2) The longer cut-offs for reliable results (3 months, 6 months) are old news, but when knowledge moves as fast as in this field, "old" is only a few years. Providers who are not AIDS experts should be forgiven if they are unaware of the latest information. Many providers tend to worry about lawsuits, so they lean toward conservative advice--and the longer you go, the more reliable a negative HIV test. On top of that, a lot of docs simply don't understand the concept of "predictive value"--about which more below.
3) As I have said many times, there is no time cut-off for the last HIV result that applies with equal usefulness for all patients. For most of the very low risk exposures that generate the giant number of irrational, unrealistic fears on this forum, a 4 week test is fine. But some people at especially high risk need testing at 8 weeks or even 3 months.
Why? I have gone through the following calculations several times, but it bears repeating. This is the concept of the "predictive value" of a test.
Situation A: Low-risk, worried well, panicked person after a heterosexual exposure, say with a commercial sex worker. Odds the worker had HIV, say 1%. Odds of transmission by unprotected vaginal sex, average 1 in 1000 (tops). Likelihood of a positive test at 4 weeks, 90%. Even before the test is done, the odds that the exposed person acquired HIV are 0.01 x 0.001 = 0.00001. That's 1 chance in 100,000. Add a test that is 90% reliable (the 4 week test) and the chance someone has HIV, after getting the negative test result, is 1 in a million. Think how low a risk that is: Equivalent to sex with an infected person once a day for 2,800 years before catching HIV. In other words, essentially 100% assurance.
Situation B: High risk, really at risk person, a gay man who has receptive anal sex with a known HIV infected person. The risk of infection in such a person is 1%, i.e. 1 in 100. Now test at 4 weeks, same test, i.e. 90% reliable. After the negative test, the risk of HIV is 0.01 x 0.1 = 0.001. That means there still is a 1 in 1000 chance the exposed person has HIV. Although most rational people can live happily with a 1 in a million chance, most of us would lose a lot of sleep at 1 in 1000. So this person needs additional testing, out to 8 weeks or even 3 months after exposure. Exact same test, same test peformance--but difference levels of assurance. That is, different predictive values.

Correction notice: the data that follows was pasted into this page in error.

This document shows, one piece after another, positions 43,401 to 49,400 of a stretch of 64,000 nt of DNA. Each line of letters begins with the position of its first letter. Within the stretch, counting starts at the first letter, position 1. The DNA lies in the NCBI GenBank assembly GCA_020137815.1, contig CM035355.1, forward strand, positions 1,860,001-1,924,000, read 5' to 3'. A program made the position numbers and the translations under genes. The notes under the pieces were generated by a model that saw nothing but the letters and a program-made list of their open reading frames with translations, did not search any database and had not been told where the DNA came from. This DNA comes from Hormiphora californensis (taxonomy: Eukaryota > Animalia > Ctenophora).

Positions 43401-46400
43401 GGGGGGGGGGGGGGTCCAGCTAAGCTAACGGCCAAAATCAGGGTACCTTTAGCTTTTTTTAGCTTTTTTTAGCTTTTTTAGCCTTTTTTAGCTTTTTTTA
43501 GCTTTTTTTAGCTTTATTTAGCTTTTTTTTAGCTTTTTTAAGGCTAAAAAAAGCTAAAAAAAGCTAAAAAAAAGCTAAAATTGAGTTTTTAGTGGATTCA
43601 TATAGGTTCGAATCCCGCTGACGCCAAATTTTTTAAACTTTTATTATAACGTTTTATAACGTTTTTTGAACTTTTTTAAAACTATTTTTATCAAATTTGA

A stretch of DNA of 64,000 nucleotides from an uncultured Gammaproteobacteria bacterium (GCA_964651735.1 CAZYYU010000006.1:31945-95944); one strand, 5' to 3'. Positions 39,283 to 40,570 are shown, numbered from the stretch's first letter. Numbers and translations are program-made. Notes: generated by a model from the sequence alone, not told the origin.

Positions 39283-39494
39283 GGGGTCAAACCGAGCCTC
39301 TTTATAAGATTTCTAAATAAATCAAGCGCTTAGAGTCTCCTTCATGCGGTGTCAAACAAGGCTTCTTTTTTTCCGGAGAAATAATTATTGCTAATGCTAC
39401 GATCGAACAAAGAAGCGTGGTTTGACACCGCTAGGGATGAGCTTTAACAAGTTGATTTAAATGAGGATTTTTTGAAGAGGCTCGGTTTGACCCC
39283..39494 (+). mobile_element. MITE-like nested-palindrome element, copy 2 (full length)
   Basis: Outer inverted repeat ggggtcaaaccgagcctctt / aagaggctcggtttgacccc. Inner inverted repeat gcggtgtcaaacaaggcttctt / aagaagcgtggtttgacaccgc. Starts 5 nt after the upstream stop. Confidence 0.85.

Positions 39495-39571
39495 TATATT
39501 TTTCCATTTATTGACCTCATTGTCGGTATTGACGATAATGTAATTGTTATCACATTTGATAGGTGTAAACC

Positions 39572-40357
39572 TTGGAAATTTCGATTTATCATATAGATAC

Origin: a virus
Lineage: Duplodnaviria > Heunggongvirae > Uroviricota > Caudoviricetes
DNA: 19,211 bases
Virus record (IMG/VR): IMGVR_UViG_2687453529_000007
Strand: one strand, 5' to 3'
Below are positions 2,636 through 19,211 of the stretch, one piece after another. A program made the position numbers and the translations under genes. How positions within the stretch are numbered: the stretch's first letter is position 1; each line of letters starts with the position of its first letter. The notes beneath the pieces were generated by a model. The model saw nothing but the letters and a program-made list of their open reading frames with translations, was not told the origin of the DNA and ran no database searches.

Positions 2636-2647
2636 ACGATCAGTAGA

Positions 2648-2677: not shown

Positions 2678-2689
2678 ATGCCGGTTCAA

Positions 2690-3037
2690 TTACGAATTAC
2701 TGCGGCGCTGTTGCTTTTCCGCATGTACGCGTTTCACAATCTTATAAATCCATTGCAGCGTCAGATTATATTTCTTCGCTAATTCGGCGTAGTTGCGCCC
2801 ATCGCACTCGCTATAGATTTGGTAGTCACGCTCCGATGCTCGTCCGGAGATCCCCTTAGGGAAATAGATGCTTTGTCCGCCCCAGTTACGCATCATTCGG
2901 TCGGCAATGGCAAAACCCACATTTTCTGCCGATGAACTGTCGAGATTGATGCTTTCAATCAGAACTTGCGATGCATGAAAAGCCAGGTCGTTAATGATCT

worried1947, your risk of having HIV, even before you had your first test, was less than 1 in a million. That's why you didn't need testing at all.
Doc, you really need a FAQ section. This one would be at the top of the chart.
This indeed is an insightful post for someone who hasn't been following this forum previously. At the same time, we can't thank the doc enough for re-iterating what he has been advocating all this while.
At the same time, I would like to question predictive value with respect to test conclusiveness in massachusettes at 6 weeks. It is in common knowledge of HIV forum surfers that mass advocated 6 weeks testing as conclusive. I am not sure if they attach any predictive value in giving out a set time frame for all kinds of exposures(be it high or low). Nothing in medicine is 100% but if the odds for high risk is 1/1000 after 4 weeks negative result, testing at what point of time will be feel good indicator that hiv is not present especially in presence of symptoms(ie. 8, 10 or 12 weeks) which are obviously meaningless but CDC does list them in their website.
Jeez. The "gay male" analogy was just to illustrate ONE example of a high-risk event. That's all. I think you read way, way too much into his comment.
Re: HIV as a gay/straight disease--this article was posted the other day on a sexuality listserv I participate in...
Are you a gay male?